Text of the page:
Pie eating bully boy Michael Williams still at it

Pie gobbling bully boy Michael Williams would like to think he is the unofficial Mayor of Howick, but his bully boy tactics at trying to get his mate appointed to the role of deputy chair on the local board just smacks of kindergarten level politics.

Bombastic as ever, Michael Williams is refusing to buckle to public pressure and using bizarre excuses in his quest to have a deputy who doesn’t disagree with his every edict.

The Howick and Pakuranga Times is covering this debacle blow by blow.

ADELE White is standing firm in the face of efforts to sack her from the Howick Local Board deputy-chair position.

Board chairman Michael Williams has requested an extraordinary meeting of the board for next Monday, when elected members will be asked to vote to retain or depose her.

Ms White told the Times last month she was shocked when Mr Williams asked her to resign as deputy-chair, as he has another member in mind for the job.

She refused, so he’s called the special meeting in the attempt to remove her and elect a new deputy.

“My position has not changed,” says Ms White. “I’m still extremely shocked at this turn of events and refuse to be treated this way for exercising my democratic rights.

Michael Williams reasoning an explanations do not hold water. Lucy Schwaner calls him out:

“We live in a democracy, one where elected officials are expected to debate matters and contest each other’s ideas.

“Michael might struggle with Adele being a strong woman, who is capable of expressing herself. But that’s no reason to bully her out of the deputy-chair position.

“We were never elected to the Howick Local Board for the purpose of following Michael Williams at all times. A chairperson should welcome debate and contestability of ideas, not attempt to punish those that disagree.”

Michael Williams claims that Adele White can’t do her job because she is also a police officer…a bizarre claim since he too holds down a full time job:

Mr Williams writes because of Ms White’s limited availability in business hours – she’s a senior police constable and Counties Manukau East Police’s youth education officer, and a celebrant, a system evolved early on of sharing civic duties among board members.

He now wants the deputy to be available to meet with him and council staff during business hours and provide key support in the events, Maori affairs and ethnic affairs portfolios.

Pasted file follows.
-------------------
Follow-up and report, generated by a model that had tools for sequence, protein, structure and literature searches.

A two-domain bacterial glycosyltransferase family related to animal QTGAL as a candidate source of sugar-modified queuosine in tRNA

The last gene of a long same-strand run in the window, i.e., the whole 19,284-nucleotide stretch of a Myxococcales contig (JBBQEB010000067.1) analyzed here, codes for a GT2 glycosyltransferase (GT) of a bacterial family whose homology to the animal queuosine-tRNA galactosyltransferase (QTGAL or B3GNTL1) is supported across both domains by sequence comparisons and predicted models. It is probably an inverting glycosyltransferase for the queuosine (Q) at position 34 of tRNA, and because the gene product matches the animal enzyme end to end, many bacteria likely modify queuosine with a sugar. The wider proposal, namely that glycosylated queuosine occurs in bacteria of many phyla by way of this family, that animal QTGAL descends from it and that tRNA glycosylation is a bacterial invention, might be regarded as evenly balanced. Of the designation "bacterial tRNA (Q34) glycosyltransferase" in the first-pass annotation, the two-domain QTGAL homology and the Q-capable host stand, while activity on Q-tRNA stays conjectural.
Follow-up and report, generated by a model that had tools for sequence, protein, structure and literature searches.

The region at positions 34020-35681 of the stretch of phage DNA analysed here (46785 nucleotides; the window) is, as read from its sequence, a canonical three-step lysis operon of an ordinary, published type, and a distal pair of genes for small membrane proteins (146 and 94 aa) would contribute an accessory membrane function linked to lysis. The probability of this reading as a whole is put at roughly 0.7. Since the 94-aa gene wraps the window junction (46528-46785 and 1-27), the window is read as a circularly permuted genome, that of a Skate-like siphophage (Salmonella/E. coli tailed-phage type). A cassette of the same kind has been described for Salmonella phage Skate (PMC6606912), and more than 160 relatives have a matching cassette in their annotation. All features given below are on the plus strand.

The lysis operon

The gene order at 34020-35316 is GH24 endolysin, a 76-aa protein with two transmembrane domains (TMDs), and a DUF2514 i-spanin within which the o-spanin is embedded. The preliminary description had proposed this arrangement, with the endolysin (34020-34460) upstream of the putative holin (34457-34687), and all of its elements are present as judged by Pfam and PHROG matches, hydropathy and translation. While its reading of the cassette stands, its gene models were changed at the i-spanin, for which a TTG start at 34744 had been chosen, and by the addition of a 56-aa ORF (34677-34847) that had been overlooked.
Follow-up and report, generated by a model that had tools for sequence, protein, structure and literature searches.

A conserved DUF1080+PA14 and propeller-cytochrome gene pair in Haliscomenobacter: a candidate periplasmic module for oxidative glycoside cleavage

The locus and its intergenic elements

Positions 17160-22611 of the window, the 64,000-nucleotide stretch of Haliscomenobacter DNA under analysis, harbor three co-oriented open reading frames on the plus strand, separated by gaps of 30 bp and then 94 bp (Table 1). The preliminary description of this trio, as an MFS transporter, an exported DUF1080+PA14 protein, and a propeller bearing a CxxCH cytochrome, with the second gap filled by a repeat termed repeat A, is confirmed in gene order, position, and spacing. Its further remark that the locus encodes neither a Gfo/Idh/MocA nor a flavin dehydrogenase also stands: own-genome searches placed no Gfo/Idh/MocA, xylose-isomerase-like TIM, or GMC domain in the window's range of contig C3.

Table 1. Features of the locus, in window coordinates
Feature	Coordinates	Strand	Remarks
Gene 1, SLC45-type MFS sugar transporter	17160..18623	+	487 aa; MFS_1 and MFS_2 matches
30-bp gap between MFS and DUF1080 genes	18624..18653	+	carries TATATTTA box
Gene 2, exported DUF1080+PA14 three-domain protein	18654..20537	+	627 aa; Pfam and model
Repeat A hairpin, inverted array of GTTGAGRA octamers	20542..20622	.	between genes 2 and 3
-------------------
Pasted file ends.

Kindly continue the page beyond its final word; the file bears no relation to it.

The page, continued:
He also wants to expand the deputy role, including providing him (chairman) with advice on critical issues and an overview of projects, helping to make things happen and maintain good board communication and strategic relationship management and sharing in civic duties.

Ms Schwaner says Mr Williams’ attitude to members maintaining other employment is hypocritical, while he’s employed by a large firm.

“If Michael is genuinely concerned about the workload he’s carrying, I suggest he might want to look first at his own situation,” she says.

“While he chooses to target Adele for her long-standing role as a community constable, he has secondary employment in a senior private sector role.

There is plenty more to come on this. I think I will trundle along on Monday night to enjoy the bun fight.

Michael Williams though seems to be in need os some one to stand against him and hold him to account on a public platform, someone he can’t bully and push around. I might just do that this year.

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As much at home writing editorials as being the subject of them, Cam has won awards, including the Canon Media Award for his work on the Len Brown/Bevan Chuang story.  And when he’s not creating the news, he tends to be in it, with protagonists using the courts, media and social media to deliver financial as well as death threats.

They say that news is something that someone, somewhere, wants kept quiet.   Cam Slater doesn’t do quiet, and as a result he is a polarising, controversial but highly effective journalist that takes no prisoners.

He is fearless in his pursuit of a story.

Love him or loathe him.  But you can’t ignore him.